On verge of collapse, Wafd-Brotherhood alliance remains unclear

Representatives of the liberal Wafd Party and the Muslim Brotherhood’s Freedom and Justice Party, the two biggest players in the Democratic Alliance, butted heads on Sunday in a meeting to decide to what extent the two parties will abandon the alliance.

Another meeting was to be held later that day to decide the fate of the other 32 parties in the alliance, which was supposed to run as a bloc in the upcoming parliamentary elections slated for November. Some of the parties may join the Wafd on their party lists, and others may join the Freedom and Justice Party.

Many had questioned the alliance between the disparate parties since it formed in June. Now it seems on the brink of implosion over disagreements about the upcoming election.

Essam Shiha, a member of the Wafd’s high council, confirmed to Al-Masry Al-Youm that there would be no coordination between the Wafd and the Freedom and Justice Party in the list-based portion of the parliamentary elections, the initial reason for the alliance.

The alliance had been seen to be beneficial for the Wafd because its candidates would run with the Freedom and Justice Party on the same electoral lists, thus increasing their chances of success.

However, there is still confusion over the nature of the split and whether it has been officially adopted by the Wafd.

On 29 September, Wafd leader al-Sayed al-Badawy convened a meeting of the party’s high council to reaffirm the electoral alliance with the Brotherhood. He then unilaterally dismissed the alliance later that day, according to Shiha, which led to speculation that the decision is not yet official.

This happened as political forces in general pressured the Supreme Council for the Armed Forces (SCAF) to make further amendments to the parliamentary law over the weekend, culminating in a meeting with Armed Forces Chief of Staff Sami Anan, the second highest ranking member of SCAF, on Saturday.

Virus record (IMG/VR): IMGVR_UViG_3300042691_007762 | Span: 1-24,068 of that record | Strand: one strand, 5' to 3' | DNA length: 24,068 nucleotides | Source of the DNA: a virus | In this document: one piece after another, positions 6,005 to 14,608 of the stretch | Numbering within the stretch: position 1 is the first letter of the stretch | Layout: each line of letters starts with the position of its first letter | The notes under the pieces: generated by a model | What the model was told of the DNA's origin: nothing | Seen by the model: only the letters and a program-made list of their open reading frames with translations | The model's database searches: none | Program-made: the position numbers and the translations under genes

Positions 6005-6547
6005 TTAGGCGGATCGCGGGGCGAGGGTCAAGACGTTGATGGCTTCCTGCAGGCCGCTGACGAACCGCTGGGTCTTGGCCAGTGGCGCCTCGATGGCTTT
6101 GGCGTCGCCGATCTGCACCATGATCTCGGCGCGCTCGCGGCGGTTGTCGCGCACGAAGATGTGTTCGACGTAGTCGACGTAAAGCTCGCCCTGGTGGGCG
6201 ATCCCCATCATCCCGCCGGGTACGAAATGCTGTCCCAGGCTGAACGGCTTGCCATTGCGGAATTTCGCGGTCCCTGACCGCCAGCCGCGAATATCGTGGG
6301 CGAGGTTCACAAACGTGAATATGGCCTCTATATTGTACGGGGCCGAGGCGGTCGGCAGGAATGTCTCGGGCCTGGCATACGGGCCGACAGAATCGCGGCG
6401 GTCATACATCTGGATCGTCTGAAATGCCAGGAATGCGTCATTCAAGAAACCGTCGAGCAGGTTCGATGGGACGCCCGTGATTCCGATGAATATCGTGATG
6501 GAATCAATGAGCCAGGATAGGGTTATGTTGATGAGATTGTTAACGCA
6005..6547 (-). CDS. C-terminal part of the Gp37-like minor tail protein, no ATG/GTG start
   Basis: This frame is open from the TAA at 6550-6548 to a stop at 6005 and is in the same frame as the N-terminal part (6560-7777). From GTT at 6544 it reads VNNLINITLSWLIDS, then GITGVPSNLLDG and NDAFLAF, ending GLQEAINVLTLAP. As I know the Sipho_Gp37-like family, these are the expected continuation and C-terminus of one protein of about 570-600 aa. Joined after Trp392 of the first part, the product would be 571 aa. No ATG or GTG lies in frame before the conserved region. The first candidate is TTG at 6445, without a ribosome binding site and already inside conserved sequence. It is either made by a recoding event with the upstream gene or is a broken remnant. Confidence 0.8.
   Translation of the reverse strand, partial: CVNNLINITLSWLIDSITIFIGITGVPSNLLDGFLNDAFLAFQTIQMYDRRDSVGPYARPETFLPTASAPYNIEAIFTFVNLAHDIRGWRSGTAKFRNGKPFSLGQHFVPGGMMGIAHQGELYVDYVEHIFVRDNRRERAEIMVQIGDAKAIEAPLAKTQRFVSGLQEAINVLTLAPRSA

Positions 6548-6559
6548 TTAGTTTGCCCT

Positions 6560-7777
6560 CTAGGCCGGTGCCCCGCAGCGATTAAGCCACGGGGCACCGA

A document was issued after the meeting in which the SCAF agreed to abolish Article 5 of the law, which stipulated that candidates with no party affiliation can run for the one-third of seats that are to be elected by a single-winner system.

The parliamentary law, after an amendment, has placed two-thirds of the seats within the scope of the party list system, with the final third for individual candidates.

Shiha stated that there would continue to be an alliance for the Wafd, not just with the Freedom and Justice Party or members of the Democratic Alliance, but with all political parties, regarding the single-winner seats, now that Article 5 has been removed.

“There will be a political alliance in the single-winner lists, wherein parties will not run individual candidates against each other,” he said.

Another possible reason put forward for the disintegration of the alliance was the Freedom and Justice Party's objection to the Wafd's alleged practice of enlisting members of the now-dissolved National Democratic Party to help make gains in the election, a claim refuted by Shiha.

Meanwhile, members of the Wafd Party felt that it was the Brotherhood's undeclared opposition to Egypt becoming a civil state that forced the alliance to crumble.

Previous Al-Masry Al-Youm reports indicated the approval of some Wafd members for the end of the alliance with the Freedom and Justice Party, which was felt to compromise the party’s liberal values.

The independent newspaper Al-Shorouk reported that the reason behind the split was that the Freedom and Justice Party and the Wafd had agreed to each run in 35 percent of the allotted seats in the party list system, with the other parties in the alliance contesting the remaining 30 percent.

When the Wafd attempted to bring more liberal parties into the alliance, the Freedom and Justice Party insisted that they were to be taken into the Wafd's allocation, leaving the Brotherhood’s 35 percent untouched, according to Al-Shorouk.

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